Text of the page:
Although the inscription on the southern façade above the main window commemorates the death of the amir Taz in 763/1362, it does not refer to the date of the construction of the building or the founding of its waqf. However, by relying on architectural evidence, the mausoleum that has been used in the past as a madrasa, was probably built in 762/1361.
Its founder was the Amir Taz who was a Mamluk slave of Sultan al-Nasir Muhammad Ibn Qalawun. He held various significant posts during the Mamluk Dynasty such as that of the sultan’s butler (saqi), which was a very delicate post during this period. The emblem of the butler was a chalice, which explains the existence of one amidst the above-mentioned inscription plaque. After he had attained the post of Governor of Aleppo, his luck declined; he was arrested and later exiled to Jerusalem where he resided and established Madrasa al-Taziyya. Many historical references mention him, his relatives, and others whom he freed from bondage in Jerusalem.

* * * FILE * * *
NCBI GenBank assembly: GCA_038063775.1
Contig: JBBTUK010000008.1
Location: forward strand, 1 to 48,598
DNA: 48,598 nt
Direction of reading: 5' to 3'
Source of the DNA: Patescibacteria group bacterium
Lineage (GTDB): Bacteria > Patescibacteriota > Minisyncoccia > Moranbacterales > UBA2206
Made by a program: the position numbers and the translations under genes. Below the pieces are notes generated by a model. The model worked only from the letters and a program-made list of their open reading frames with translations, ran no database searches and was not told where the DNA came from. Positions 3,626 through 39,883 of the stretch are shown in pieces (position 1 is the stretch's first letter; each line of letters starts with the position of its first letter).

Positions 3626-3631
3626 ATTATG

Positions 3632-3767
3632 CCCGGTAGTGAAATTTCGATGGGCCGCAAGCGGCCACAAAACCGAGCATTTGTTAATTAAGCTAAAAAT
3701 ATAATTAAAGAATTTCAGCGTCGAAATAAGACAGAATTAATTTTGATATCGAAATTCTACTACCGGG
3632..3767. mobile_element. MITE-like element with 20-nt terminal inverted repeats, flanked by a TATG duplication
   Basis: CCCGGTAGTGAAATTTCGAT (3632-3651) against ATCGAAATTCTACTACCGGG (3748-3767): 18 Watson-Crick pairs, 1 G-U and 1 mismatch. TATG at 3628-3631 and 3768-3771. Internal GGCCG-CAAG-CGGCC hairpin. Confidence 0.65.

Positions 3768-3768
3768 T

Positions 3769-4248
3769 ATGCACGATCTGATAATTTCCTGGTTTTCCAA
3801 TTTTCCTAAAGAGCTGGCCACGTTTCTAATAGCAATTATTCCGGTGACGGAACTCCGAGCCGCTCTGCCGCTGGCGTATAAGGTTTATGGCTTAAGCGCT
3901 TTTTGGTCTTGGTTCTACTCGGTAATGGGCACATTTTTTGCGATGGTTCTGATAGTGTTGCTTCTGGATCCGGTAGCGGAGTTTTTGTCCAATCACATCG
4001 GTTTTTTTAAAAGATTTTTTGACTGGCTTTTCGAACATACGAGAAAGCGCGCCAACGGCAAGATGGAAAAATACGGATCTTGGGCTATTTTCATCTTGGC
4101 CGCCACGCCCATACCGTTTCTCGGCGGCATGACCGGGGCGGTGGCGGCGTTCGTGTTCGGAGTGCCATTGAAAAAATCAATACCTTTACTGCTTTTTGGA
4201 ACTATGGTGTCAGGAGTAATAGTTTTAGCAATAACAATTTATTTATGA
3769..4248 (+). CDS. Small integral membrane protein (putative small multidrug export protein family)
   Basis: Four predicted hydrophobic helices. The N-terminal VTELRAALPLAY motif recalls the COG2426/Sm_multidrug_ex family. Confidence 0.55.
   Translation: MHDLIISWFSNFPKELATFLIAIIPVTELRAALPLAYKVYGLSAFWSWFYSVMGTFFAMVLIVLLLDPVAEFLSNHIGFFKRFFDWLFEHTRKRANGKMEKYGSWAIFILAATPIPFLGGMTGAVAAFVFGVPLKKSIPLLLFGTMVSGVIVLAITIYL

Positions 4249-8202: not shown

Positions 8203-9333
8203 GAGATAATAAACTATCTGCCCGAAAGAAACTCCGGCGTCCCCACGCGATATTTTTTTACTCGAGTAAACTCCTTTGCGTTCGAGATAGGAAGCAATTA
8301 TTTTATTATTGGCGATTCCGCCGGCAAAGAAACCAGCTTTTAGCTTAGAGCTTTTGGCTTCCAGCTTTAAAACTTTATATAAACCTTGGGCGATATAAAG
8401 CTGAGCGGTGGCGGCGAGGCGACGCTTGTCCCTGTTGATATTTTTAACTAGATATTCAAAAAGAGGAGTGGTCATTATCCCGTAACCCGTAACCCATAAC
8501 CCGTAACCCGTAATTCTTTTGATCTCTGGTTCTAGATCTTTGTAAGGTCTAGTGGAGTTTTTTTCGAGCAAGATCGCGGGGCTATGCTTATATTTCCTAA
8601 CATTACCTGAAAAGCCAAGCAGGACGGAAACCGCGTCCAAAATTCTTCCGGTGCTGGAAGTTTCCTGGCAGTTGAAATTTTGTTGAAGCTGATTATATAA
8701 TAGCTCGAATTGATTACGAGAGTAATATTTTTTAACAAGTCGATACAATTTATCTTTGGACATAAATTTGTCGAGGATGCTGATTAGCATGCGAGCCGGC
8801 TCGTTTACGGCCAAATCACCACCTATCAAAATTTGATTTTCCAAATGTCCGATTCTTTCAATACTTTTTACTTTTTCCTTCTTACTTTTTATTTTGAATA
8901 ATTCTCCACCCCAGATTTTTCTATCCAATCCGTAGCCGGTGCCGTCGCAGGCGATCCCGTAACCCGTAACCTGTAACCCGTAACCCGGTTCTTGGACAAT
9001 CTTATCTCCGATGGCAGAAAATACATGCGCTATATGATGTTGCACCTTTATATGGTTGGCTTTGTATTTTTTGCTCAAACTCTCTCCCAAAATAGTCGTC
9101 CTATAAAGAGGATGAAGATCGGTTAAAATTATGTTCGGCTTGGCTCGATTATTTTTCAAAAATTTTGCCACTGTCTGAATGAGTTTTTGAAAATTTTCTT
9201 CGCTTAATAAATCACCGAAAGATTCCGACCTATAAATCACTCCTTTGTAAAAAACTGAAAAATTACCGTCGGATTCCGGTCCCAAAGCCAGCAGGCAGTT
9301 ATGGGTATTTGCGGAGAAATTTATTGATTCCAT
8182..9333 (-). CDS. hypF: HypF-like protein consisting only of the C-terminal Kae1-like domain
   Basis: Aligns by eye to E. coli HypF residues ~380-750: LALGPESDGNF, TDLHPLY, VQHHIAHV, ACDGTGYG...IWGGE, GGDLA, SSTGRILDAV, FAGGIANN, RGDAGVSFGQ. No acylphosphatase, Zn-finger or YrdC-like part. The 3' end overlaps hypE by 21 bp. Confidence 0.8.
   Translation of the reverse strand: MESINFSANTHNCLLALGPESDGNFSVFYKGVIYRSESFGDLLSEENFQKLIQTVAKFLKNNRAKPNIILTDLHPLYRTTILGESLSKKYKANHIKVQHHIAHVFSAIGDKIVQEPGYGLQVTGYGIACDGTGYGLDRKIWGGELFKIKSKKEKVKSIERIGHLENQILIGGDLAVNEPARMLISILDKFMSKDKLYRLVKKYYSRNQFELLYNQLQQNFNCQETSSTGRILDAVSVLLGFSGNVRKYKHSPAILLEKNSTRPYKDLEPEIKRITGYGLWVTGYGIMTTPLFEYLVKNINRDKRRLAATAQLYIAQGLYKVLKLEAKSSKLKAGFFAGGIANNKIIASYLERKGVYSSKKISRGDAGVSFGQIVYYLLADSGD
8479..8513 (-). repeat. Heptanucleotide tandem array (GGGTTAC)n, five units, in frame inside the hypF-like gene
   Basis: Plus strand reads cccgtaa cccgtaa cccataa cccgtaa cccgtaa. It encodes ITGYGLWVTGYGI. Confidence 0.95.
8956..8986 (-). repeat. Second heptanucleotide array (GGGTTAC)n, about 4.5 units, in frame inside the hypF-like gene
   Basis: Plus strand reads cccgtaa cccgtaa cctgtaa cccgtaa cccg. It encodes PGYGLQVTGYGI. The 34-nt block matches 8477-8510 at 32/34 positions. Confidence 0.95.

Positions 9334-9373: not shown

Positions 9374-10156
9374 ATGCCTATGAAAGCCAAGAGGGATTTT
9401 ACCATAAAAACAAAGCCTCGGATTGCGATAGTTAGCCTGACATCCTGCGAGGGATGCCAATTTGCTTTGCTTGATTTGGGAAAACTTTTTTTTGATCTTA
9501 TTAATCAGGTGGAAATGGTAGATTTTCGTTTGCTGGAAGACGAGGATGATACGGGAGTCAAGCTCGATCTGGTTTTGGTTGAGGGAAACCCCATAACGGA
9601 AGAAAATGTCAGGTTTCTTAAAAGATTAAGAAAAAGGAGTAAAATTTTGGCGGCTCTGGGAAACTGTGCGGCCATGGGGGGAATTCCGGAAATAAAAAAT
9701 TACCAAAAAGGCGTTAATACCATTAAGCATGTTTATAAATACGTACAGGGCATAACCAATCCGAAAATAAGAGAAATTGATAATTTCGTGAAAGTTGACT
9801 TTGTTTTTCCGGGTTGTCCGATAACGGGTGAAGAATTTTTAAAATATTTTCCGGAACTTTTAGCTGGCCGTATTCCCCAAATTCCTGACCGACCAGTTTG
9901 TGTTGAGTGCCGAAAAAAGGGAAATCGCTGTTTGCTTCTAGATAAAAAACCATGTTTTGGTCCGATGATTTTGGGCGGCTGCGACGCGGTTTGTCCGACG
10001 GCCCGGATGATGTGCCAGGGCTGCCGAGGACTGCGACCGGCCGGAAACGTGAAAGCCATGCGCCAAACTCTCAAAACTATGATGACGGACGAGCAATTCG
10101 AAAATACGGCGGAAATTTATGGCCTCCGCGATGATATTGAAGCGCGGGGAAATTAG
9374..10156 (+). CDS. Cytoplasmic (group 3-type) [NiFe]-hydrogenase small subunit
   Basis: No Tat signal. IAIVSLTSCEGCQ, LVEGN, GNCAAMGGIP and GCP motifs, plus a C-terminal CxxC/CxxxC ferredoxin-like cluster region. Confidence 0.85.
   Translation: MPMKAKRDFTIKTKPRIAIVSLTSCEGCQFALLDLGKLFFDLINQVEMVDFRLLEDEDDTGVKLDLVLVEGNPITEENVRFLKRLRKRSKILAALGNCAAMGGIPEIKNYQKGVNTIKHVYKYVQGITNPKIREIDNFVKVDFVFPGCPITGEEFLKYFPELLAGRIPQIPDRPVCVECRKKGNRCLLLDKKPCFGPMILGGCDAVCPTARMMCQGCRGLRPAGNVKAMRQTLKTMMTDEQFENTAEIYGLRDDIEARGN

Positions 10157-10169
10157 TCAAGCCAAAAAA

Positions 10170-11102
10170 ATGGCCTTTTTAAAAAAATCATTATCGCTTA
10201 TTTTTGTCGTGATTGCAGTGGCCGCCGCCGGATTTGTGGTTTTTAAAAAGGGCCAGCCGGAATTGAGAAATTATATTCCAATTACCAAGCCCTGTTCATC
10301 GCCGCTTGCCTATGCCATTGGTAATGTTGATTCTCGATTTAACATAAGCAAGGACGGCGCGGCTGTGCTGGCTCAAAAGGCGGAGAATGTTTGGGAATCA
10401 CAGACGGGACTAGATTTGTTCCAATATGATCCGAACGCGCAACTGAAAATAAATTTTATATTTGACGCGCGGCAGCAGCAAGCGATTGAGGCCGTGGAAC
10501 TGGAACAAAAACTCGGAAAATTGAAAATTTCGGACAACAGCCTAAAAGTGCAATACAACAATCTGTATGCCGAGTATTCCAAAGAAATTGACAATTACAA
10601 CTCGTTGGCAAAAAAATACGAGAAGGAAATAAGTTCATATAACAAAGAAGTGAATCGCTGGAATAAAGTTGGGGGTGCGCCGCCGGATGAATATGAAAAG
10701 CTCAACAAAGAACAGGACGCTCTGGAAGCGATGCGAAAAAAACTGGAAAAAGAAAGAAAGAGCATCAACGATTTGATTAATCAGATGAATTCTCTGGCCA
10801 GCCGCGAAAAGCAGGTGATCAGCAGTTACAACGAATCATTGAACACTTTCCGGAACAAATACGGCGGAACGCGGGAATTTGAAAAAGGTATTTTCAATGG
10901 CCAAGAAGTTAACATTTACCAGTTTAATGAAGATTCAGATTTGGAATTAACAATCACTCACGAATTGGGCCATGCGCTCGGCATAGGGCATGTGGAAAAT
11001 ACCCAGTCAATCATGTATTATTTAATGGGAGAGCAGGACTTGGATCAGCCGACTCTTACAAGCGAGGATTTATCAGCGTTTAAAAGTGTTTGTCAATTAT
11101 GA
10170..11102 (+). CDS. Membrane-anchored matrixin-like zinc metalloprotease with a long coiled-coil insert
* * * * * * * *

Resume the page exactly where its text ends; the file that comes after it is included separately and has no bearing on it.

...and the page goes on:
Despite the fact that the foundation inscription refers to the edifice as a mausoleum, reality and documents reveal it had various functions. Salaries were paid to its jurists, readers and tutors; these were covered by its waqf, which comprised the village of al-Miniya, which lay northwest of Lake Tiberias.
The Taziyya has one western façade that is divided into two parts, lower and upper. The lower part has a simple door that leads into the interior. To the west of the entrance is a rectangular window that is surrounded by a deep-set frame and covered by Mamluk-style metal grills. On top of it is a lintel upon which a foundation inscription was engraved. Above it is another lintel of beautiful joggled inlay. The stones of this part have been constructed in the ablaq style. The upper part of the façade,
on the other hand, has well-arranged courses and a wooden mashrabiyya dating
back to the 13th/19th century, and three windows above it.
The building consists of two floors. The first floor has two parts; the southern part has an entrance, stairs and two halls, each of which is covered by a cross vault. The northern part of the first floor also has two large halls that are reached through a corridor that lies to the east of the halls in the southern part. There is also an iwan that leads to a large, cross-vaulted hall and which overlooks the main road from the south. Some residential quarters are found to the north, most of which were rebuilt during the Ottoman period, and some of which have been covered by a small, shallow vault.
Source: Yusuf Natsheh (Museum With No Frontiers website)